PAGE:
Bolivia nature and culture tour photo of sky mirror created by Uyuni salt flats

In summer, Salar de Uyuni becomes a giant puddle, offering seemingly endless reflections of the sky and clouds. © Jonathan Rossouw

Bolivia culture and nature photo of canoe ride at Chalalan Eco Lodge

Exploring Lake Chalalan by canoe in Madidi National Park offers a glimpse into the park’s staggering wealth of biological riches. © Jonathan Rossouw

Bolivia culture & nature tours image of Tiwanaku ruins

The ruins of the once-epic city of Tiwanaku are windows into the pre-Inca civilization thought to have existed between 300 BC and AD 300. © Jonathan Rossouw

Bolivia nature and culture tour image showing Hoatzin in Madidi National Park

A peculiar Amazonian resident, the Hoatzin has a unique digestive system amongst birds, using an enlarged crop for fermentation of leaves, flowers and fruit. © Jonathan Rossouw

Bolivia nature and culture tour photograph of South Andean Vizcacha

The Southern Viscacha is found in the rocks and crags of Bolivia’s mountains and although they more closely resemble rabbits, they are chinchillas. © Jonathan Rossouw

Bolivian salt flats image of Colchani salt mounds

Salar de Uyuni is estimated to contain 10 billion tons of salt, of which less than 25,000 tons is extracted annually. © Jonathan Rosssouw

Bolivia Culture & Nature Tour

“Dizzying” is an apt adjective for Bolivia, and not merely because of the light-headed feeling one gets touching down in 12,000-foot-high La Paz. To explore this country is to encounter wildly diverse and dramatic landscapes and cultures: from the stark Andean Altiplano to the wildlife-rich lowlands of the Amazon river basin; from Lake Titicaca, the continent’s largest lake, to the earth’s largest salt flats in Uyuni; and from the thriving indigenous community in Tarabuco to the harsh existence of silver miners in Potosí. On this 17-day Bolivia culture and nature tour with Apex, you’ll experience an astonishing variety of people, wildlife, and historic sites in the geographic heart of South America.
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    • Travel by Air
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    • Travel by Bullet Train
    • Travel by Rail
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    • Tuesday, April 18: Arrive in La Paz, Bolivia

      Arrive in Bolivia’s de facto capital late at night, and transfer to your hotel in the upmarket, lower altitude, and considerably more oxygen rich, Calacoto neighborhood. Overnight at Casa Grande Hotel.

    • Wednesday, April 19: La Paz / Valley of the Moon

      Take the day to acclimate to the city’s 12,000-foot elevation. In the afternoon, head just outside La Paz for a stroll around the cactus-covered badlands of the Valley of the Moon, known for their bizarre geological formations, called hoodoos. Enjoy lunch and dinner at the hotel with a briefing by your expedition leader this evening. Overnight at Casa Grande Hotel.

    • Thursday, April 20: La Paz – Tiwanaku / Rurrenabaque

      This morning, take a short drive to the southeastern shore of Lake Titicaca, where the ruins of the once-epic city of Tiwanaku stand. Several carved monoliths, archways and arcades, as well as pottery and tools in the site’s museum, are windows into the pre-Inca civilization that inhabited Tiwanaku, thought to have been constructed around 700 AD. After lunch, head to the airport for your afternoon flight to Rurrenabaque. Dinner and overnight at Hotel Maya.

    • Friday, April 21: Rurrenabaque / Madidi National Park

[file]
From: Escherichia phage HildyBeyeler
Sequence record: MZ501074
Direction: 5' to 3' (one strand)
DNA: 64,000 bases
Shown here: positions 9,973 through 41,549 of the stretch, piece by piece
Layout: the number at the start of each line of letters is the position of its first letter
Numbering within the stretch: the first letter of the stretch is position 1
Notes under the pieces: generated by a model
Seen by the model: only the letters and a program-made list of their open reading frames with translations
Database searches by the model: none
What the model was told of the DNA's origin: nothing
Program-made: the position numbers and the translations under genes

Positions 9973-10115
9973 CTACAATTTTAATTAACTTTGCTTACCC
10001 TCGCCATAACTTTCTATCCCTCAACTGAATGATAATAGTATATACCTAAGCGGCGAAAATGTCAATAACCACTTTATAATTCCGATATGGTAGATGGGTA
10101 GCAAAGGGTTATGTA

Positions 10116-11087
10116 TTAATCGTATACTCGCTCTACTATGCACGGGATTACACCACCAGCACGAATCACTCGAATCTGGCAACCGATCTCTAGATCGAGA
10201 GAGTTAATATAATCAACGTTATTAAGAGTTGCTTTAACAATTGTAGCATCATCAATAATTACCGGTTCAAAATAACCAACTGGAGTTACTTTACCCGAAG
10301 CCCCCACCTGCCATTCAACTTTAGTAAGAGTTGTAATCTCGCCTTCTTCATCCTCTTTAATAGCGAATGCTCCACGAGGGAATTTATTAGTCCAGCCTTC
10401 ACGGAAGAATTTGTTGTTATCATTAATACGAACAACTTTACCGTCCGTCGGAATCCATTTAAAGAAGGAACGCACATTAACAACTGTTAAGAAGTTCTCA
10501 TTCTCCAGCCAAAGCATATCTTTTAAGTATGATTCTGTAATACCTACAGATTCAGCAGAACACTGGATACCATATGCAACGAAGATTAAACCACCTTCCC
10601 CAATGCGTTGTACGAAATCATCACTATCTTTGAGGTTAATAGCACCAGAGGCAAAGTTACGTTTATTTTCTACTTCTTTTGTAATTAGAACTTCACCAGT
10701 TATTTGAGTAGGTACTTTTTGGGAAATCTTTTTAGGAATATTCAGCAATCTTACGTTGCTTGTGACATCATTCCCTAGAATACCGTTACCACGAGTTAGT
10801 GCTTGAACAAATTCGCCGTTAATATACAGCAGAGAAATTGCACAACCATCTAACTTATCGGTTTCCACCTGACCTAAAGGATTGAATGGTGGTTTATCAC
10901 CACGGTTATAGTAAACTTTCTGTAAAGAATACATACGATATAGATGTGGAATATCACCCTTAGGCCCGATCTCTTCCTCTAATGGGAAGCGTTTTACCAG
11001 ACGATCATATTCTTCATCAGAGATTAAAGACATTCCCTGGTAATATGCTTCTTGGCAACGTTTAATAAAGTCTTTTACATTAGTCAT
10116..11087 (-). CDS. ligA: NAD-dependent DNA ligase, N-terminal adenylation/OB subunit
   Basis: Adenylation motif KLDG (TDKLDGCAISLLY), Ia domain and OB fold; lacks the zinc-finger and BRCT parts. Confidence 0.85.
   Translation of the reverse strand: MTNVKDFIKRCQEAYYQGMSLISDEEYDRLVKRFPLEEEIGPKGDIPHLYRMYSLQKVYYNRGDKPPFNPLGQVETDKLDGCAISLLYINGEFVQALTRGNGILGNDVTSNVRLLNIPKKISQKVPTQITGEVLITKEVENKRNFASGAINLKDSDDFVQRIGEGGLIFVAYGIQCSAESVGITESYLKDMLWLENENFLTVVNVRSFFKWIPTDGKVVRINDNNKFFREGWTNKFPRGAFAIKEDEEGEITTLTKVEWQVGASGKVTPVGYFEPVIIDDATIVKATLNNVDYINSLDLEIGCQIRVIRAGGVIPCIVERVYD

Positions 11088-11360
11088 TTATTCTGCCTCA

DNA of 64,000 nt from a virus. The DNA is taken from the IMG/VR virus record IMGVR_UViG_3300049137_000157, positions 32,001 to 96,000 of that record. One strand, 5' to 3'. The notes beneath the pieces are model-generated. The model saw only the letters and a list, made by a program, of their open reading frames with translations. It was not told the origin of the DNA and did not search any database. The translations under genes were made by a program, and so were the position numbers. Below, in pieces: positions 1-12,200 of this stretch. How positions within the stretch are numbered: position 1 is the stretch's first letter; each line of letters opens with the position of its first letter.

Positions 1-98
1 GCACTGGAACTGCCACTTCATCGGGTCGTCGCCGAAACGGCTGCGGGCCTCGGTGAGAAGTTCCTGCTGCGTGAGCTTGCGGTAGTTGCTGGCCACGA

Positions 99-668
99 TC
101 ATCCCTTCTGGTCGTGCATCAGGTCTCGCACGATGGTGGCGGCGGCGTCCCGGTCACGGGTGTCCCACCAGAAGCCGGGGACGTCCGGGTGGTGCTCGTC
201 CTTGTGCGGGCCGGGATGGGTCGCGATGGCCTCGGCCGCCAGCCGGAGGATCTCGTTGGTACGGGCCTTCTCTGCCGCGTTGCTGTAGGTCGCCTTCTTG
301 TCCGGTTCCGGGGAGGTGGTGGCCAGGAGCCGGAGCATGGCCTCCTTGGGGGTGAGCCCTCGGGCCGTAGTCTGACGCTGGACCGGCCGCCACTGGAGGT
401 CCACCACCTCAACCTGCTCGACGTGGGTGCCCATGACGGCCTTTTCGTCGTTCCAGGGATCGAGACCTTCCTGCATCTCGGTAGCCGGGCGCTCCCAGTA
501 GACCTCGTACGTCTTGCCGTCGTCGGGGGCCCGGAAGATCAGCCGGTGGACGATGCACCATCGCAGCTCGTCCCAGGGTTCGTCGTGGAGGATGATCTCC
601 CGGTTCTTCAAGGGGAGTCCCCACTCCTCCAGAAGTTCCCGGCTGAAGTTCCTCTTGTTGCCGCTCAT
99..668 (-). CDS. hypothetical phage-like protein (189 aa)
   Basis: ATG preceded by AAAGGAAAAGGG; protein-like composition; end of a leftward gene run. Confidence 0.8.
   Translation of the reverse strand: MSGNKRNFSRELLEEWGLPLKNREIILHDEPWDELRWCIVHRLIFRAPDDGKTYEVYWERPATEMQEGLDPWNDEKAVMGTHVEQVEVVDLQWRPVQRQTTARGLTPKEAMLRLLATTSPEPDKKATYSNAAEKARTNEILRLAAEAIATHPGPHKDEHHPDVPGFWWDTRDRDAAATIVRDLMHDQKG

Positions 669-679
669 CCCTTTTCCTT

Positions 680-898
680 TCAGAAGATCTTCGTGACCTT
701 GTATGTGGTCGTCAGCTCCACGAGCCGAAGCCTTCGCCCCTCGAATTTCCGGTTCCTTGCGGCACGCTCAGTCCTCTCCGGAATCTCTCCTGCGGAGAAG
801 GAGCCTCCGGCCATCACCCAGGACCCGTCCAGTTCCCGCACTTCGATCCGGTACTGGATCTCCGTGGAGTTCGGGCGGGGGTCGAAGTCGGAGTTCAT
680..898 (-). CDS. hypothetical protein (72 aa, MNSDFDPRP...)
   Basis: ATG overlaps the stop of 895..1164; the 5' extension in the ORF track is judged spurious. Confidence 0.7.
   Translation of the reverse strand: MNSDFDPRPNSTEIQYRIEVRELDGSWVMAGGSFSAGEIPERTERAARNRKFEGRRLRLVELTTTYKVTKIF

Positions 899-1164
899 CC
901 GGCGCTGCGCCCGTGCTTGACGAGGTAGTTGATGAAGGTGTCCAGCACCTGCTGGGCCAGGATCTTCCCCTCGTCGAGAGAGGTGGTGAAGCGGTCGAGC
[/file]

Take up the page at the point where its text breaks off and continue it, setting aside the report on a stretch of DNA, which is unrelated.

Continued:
After breakfast, travel by boat up the Beni and Tuíchi Rivers to the indigenous-owned Chalalán Ecolodge, located within the vast Madidi National Park. En route, watch for wild macaws, Capybaras and a plethora of waterbirds. Enjoy a late lunch at the lodge followed by an initial exploration of the palm-fringed Chalalán lagoon. Bolivian Squirrel, Large-headed Capuchin and Bolivian Red Howler Monkeys are all present around the lagoon, as is a healthy population of the bizarre leaf-eating birds known as Hoatzins. After dinner, set out on a night hike to look for insects, tarantulas, amphibians, and nocturnal birds. Overnight in simple bungalows at the rustic Chalalán Ecolodge.

    • Saturday & Sunday, April 22 & 23: Madidi National Park

      The 7,300-square-mile Madidi is a biodiversity hotspot, boasting one of the highest number of bird species on the planet and an incredible 1,300 known vertebrates. Ranging in altitude from 600 to 20,000 feet, its topography is vast and varied, including snow-capped peaks, cloud forests and tropical jungles. For two full days, enjoy guided hikes and canoe trips while looking for sloths, the recently discovered Madidi Titi Monkey, and the herds of White-lipped Peccaries for which the area is famous. Learn about the magnificent variety of flora and medicinal plants in the area. Enjoy the cacophony of birdsong from parakeets, parrots, toucans, woodpeckers and over 300 other species around the lodge. On the last evening, indulge in a traditional dunucuabi catfish dinner, followed by music and dance from the local San José de Uchupiamonas community. Overnight at Chalalán Ecolodge.

    • Monday, April 24: Madidi / Rurrenabaque / La Paz

      Bid farewell to the upper Amazon basin as you cruise down the Tuíchi and Beni Rivers back to Rurrenabaque. Enjoy lunch in town, followed by a flight back to La Paz. Dinner and overnight at Casa Grande Hotel.

    • Tuesday, April 25: La Paz / Colchani / Uyuni Salt Flats

      After breakfast, fly to Uyuni in southwest Bolivia. Travel via 4×4 vehicle to the village of Colchani to appreciate the unique processing of salt, before continuing across the 4,000-square-mile shimmering white expanse of the world’s largest salt flat. Notice the Ojos del Salar, holes where underground water bubbles up, and the seemingly endless mosaic patterns on the surface of the flats. Ascend the foot of 17,500-foot Tunupa Volcano for phenomenal panoramic views over the salt pan. Head to remote Coquesa to see well-preserved ancient mummies, the picturesque village of Chantani, and the pre-Columbian ruins of Pukara de Ayque before watching the sun set over the white desert. Dinner and overnight at the Hotel Palacio de Sal, made of salt blocks.

    • Wednesday, April 26: Uyuni Salt Flats